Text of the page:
The event will take place at Ryerson University (RCC 103, the Venn, 80 Gould Street) and is sponsored by the University of Toronto Press, Ryerson School of Journalism, CWA Canada, and the Canadian Media Guild.

Find out more about this event on this Facebook event page.

Posted on February 3, 2017 at 6:00 am by editor · LEAVE A COMMENT · Tagged with: ,

Canadian freelancers turn to the US market to secure higher-paying gigs

This post is the tenth in a series called “E-Lancer Writes,” exploring the working conditions, rights and collective organizing strategies of freelance journalists, interns and other low-wage or temporary digital media workers.

 

By Errol Salamon

When Canadian-based freelancer Katherine O’Brien started working as a web content and blog writer, she hadn’t made a conscious decision to publish with US companies to make a decent living.

Yet for over a year and a half, O’Brien has written mostly for companies south of the Canadian border, specializing in senior care, health and aging. O’Brien said it’s possible to make a decent living in Canada as long as it’s doing corporate work, but she has found it easier to get gigs in the US, given her specialty.

“When I started, I thought I’d be doing a lot of work with Toronto companies, thinking it would be an advantage that I was based in Toronto. I think it still could be an advantage to live in a market like Toronto where there are publications and you could meet or network with people,” O’Brien said in a recent interview. “But I get the majority of my business through email prospecting, not face-to-face networking, so it doesn’t seem to really matter where I live.”

It may not work for everyone, she said, but email prospecting has been her saving grace because she has found significantly more US companies in her field of specialization.

“Plus you get paid so much more in US funds. That’s a real bonus working in the US,” she said. “Some of the places I’ve worked at in Canada set the rates and they weren’t great. I’m doing better financially with what I’m doing now in the US.”

While digital communications have made it easier for Canadian freelancers like O’Brien to find clients outside of the country, writing for Canadian companies also has its advantages, said Aaron Broverman, a Canadian-based freelancer who writes for both US and Canadian publications.
Read the rest of this post »

Posted on February 2, 2017 at 9:00 am by editor · One Comment · Tagged with: , ,

Loving the Work Without Working Alone

by Alex Verman

 

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Nicole Cohen speaks at the Writers’ Rights discussion. Photo by Neil Walker

Freelancers are often idealized as isolated entrepreneurs.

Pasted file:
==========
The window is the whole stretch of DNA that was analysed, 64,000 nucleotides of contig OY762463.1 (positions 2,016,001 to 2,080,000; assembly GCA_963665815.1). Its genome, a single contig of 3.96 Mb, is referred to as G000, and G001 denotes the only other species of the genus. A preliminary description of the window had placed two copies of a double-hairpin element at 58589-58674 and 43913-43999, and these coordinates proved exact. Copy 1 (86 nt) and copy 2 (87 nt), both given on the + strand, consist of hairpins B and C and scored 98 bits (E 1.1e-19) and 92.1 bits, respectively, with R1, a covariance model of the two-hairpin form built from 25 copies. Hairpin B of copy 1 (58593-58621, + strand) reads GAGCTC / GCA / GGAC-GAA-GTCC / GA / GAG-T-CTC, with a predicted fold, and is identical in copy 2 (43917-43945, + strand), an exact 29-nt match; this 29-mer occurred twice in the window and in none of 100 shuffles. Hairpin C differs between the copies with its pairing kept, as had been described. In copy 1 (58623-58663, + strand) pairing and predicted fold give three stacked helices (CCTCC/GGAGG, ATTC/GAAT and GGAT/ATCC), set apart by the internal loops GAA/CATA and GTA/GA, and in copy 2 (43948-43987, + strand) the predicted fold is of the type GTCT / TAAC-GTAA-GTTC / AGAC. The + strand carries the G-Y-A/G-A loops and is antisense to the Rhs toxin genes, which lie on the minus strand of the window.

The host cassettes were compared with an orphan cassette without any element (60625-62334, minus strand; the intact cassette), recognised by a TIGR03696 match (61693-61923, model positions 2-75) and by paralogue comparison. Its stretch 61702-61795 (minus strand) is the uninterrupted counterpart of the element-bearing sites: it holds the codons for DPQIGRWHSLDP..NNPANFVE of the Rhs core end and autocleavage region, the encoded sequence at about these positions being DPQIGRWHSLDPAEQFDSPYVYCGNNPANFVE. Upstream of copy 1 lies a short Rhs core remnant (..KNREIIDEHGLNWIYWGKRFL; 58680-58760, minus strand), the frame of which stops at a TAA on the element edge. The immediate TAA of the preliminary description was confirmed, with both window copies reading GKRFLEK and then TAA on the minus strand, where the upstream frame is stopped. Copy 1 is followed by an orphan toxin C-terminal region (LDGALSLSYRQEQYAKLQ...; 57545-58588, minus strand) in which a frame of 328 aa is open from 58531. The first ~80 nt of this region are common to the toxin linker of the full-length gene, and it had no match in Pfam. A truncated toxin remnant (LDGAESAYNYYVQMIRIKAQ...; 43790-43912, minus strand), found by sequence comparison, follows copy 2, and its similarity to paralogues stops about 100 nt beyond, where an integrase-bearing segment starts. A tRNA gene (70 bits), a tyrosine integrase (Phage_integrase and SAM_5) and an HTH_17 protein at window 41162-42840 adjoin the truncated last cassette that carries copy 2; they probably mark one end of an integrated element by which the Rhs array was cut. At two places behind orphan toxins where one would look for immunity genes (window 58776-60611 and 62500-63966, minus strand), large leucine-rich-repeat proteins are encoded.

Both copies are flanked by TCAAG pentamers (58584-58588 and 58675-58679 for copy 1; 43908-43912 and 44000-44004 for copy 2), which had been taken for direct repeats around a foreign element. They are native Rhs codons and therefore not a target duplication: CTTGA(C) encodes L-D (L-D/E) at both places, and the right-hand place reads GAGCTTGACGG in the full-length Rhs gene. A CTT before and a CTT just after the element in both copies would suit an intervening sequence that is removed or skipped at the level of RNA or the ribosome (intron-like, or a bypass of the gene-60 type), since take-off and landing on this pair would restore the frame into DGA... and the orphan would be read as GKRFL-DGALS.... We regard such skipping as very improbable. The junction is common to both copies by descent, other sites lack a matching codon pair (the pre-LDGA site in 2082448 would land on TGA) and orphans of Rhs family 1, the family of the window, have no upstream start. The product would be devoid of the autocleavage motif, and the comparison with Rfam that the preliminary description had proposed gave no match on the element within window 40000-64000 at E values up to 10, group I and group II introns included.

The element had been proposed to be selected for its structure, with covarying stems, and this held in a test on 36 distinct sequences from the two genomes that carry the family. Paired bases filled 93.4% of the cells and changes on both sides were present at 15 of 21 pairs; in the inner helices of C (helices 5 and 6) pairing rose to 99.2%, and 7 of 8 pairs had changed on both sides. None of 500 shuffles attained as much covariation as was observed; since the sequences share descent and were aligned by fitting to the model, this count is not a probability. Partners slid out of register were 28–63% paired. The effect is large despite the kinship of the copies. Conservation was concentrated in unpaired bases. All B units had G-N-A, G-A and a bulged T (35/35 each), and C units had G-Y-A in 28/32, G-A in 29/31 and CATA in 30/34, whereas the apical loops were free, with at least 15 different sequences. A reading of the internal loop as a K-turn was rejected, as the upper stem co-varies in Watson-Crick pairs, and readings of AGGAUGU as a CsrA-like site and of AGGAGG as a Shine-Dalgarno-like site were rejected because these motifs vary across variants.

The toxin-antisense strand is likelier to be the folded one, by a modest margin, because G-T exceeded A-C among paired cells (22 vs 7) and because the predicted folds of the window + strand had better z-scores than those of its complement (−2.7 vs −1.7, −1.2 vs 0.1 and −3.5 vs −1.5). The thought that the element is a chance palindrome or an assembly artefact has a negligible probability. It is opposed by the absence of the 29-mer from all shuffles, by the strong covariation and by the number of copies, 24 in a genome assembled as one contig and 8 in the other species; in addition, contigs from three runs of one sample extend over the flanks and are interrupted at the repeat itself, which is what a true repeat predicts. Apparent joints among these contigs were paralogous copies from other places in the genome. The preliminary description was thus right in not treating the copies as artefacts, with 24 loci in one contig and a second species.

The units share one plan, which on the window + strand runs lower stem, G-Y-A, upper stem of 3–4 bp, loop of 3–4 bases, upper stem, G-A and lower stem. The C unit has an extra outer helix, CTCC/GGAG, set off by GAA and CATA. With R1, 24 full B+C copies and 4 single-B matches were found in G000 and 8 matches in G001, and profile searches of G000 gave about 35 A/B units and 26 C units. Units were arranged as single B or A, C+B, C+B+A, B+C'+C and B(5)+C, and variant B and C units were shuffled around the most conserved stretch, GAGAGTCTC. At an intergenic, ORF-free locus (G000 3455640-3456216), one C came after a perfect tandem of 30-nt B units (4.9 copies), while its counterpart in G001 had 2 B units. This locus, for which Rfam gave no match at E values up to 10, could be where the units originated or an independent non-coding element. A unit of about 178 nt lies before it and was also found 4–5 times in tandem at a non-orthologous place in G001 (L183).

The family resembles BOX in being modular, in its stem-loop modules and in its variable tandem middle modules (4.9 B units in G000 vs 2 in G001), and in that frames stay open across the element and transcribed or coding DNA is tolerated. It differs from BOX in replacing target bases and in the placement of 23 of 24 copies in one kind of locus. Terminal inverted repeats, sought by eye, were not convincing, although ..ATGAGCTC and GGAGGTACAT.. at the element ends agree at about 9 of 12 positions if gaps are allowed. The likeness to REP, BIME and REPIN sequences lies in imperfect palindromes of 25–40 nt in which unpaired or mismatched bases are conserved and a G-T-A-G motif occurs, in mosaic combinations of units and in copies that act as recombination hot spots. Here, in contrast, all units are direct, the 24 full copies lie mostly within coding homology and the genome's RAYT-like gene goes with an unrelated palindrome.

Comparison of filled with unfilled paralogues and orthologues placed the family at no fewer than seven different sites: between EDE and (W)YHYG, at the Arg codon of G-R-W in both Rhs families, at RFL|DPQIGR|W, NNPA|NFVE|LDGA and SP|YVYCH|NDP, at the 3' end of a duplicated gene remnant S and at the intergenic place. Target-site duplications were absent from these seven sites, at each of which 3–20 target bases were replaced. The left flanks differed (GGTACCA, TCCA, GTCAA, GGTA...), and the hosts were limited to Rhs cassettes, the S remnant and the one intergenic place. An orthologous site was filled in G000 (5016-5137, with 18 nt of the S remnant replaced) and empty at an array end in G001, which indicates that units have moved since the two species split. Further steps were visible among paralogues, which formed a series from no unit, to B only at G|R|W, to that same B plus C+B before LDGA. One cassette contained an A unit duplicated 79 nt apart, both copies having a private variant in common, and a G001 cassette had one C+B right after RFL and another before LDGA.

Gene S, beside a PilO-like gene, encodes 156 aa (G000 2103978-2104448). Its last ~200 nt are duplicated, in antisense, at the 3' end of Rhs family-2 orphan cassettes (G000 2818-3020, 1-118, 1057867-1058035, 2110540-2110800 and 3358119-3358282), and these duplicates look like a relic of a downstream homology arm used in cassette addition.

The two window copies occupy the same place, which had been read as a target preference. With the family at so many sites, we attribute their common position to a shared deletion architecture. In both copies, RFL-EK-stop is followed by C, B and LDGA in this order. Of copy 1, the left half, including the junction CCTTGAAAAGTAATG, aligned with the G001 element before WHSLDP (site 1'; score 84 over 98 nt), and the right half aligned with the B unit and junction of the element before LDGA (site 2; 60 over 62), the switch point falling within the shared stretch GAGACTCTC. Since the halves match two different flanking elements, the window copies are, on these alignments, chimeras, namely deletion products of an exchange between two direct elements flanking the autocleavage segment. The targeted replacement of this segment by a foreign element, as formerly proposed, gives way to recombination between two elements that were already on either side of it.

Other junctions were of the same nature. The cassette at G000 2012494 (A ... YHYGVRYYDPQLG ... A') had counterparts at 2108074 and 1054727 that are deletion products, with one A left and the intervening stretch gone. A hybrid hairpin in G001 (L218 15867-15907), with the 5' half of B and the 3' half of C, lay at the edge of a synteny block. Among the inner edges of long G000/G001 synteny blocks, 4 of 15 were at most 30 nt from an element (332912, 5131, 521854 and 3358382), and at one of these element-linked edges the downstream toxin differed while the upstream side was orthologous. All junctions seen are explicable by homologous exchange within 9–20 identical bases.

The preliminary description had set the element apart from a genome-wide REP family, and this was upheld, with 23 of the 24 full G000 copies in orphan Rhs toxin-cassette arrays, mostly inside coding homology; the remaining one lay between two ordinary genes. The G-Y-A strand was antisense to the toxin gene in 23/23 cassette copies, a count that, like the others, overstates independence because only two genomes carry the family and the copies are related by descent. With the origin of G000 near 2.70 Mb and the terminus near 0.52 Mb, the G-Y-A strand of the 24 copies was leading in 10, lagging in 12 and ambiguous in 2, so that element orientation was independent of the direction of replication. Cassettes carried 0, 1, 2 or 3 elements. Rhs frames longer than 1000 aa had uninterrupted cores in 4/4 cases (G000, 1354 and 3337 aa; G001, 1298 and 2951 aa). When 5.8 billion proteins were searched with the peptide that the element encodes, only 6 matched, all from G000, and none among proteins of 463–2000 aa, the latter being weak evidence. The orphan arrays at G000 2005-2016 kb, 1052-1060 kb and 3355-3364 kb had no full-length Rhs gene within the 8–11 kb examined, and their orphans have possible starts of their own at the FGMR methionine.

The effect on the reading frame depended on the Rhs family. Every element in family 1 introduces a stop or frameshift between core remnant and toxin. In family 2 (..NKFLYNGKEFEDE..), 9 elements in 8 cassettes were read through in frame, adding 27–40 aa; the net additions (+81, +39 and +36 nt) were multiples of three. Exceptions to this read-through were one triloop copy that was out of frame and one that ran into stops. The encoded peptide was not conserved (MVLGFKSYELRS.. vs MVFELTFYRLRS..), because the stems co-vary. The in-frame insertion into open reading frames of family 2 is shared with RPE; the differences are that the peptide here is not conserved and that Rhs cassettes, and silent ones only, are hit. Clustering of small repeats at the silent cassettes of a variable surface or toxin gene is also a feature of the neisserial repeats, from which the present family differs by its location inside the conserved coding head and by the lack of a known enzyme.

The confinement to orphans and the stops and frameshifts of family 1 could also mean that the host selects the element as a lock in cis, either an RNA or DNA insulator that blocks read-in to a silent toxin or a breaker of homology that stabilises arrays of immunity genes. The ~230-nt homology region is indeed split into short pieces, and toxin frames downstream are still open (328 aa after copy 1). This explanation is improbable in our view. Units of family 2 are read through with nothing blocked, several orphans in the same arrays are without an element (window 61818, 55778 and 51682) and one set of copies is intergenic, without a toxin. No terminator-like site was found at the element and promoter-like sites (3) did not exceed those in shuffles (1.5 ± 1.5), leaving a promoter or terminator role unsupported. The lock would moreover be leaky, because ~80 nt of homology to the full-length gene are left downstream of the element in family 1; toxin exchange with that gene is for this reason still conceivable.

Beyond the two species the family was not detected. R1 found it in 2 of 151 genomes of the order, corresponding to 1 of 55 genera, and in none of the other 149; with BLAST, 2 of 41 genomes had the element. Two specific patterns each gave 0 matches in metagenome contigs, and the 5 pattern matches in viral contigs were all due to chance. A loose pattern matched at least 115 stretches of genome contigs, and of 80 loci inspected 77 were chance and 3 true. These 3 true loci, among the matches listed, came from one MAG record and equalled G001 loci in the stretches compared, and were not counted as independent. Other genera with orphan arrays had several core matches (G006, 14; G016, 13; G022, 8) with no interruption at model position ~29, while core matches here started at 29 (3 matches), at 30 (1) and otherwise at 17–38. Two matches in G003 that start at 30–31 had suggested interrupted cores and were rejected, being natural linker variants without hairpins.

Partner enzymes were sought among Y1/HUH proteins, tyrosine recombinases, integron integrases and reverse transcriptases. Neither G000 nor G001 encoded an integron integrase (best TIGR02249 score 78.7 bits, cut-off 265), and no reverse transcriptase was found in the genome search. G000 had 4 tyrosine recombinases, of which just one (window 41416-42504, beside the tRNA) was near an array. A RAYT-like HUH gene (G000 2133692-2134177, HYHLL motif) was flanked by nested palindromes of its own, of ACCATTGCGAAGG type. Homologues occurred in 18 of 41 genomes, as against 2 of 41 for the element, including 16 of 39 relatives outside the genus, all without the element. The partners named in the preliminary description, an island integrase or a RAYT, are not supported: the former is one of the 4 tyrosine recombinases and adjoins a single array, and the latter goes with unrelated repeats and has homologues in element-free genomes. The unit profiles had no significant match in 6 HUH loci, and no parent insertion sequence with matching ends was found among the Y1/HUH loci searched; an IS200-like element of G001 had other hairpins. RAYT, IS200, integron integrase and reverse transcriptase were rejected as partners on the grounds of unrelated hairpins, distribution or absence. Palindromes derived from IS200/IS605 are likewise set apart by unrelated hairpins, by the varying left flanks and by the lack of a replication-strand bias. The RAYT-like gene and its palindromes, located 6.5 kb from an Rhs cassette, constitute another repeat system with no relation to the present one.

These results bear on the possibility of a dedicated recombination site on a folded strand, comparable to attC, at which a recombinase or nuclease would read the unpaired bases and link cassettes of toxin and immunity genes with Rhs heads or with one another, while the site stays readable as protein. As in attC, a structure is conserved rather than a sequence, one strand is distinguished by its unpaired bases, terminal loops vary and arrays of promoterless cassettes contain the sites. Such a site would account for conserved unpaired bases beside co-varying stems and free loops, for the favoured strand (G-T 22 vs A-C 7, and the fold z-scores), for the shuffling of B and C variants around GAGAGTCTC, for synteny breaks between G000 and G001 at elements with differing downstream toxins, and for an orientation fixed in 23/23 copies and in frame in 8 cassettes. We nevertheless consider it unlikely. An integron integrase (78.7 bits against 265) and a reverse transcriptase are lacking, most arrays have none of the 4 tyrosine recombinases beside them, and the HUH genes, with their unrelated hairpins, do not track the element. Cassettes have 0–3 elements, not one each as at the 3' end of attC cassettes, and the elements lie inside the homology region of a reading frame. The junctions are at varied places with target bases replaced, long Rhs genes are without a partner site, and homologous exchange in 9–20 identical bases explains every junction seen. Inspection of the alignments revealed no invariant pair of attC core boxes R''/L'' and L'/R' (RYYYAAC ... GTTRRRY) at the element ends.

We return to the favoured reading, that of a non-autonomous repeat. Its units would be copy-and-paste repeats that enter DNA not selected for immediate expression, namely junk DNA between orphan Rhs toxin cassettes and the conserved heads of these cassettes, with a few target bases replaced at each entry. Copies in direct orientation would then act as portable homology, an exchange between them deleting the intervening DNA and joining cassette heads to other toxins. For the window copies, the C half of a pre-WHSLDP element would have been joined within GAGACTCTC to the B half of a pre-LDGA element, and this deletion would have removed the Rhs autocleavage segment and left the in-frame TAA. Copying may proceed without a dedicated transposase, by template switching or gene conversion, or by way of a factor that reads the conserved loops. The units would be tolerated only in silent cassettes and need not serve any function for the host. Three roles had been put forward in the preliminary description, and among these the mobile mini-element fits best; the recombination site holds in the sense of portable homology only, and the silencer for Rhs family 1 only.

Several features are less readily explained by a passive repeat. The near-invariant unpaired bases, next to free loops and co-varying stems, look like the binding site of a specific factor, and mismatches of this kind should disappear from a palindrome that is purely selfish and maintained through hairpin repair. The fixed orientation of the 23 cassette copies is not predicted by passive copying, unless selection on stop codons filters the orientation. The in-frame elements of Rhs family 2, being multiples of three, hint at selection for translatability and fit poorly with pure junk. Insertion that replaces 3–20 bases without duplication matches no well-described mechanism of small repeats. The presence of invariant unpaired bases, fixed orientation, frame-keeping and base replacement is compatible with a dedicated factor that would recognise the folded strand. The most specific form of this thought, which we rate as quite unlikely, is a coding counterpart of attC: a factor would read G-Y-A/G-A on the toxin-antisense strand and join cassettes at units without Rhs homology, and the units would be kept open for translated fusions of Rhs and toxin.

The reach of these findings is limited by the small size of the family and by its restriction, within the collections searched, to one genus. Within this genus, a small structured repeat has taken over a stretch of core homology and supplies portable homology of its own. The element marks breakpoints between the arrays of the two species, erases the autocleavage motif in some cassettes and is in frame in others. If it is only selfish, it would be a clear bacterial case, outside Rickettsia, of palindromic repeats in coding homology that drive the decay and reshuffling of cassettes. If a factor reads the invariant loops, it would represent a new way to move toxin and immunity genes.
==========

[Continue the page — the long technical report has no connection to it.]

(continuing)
Working from anywhere at odd hours, freelancers are at liberty to pick our projects and dictate our schedules and build relationships and connections outside of the traditional office environment.

Nicole Cohen addresses this idea of the lone wolf writer head-on in her book, Writers’ Rights: Freelance Journalism in a Digital Age.

Cohen is former freelancer who now teaches at the Institute of Communication, Culture, Information, and Technology at the University of Toronto.

Last Saturday afternoon at the Metro Hall, Cohen led a discussion on the future of freelancing and freelancers’ place in a changing labour movement at a talk organized by the Canadian Media Guild Freelance Branch and the Professional Writers Association of Canada (PWAC) Toronto chapter.

It’s true that there is a sort of autonomy and flexibility available through freelancing that offers an attractive alternative to established capitalist models. But Cohen argues that autonomy doesn’t mean solitude. In fact, working alone can work against us.

The power imbalance between writers and publications makes it dangerously easy for editors to abuse freelancers. There’s no shortage of bad contracts, ridiculous deadlines, and demands on every kind of rights to our work in exchange for a single one-time payment.

Going Beyond Precarious Labour

Cohen launched into the talk by laying out the research behind Writer’s Rights, and the context for our discussion as a time of “media ubiquity.” According to Cohen, there’s never been a better time for freelancers to work together.
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Posted on February 1, 2017 at 9:00 am by editor · LEAVE A COMMENT · Tagged with: , ,

Off The Wire: News for the Canadian media freelancer Jan 24-30

Once a week, we gather stories about the media business, journalism, writing, publishing, and freelancing—with a Canadian focus—and share them in Off the Wire. Who needs a water cooler?

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From Canada:

From The U.S. and beyond:

Recently on Story Board:

Spot a story you think we should include in next week’s Off the Wire? Email the link to editor@thestoryboard.ca or tweet us at @storyboard_ca.

Posted on January 30, 2017 at 9:00 am by editor · LEAVE A COMMENT · Tagged with: ,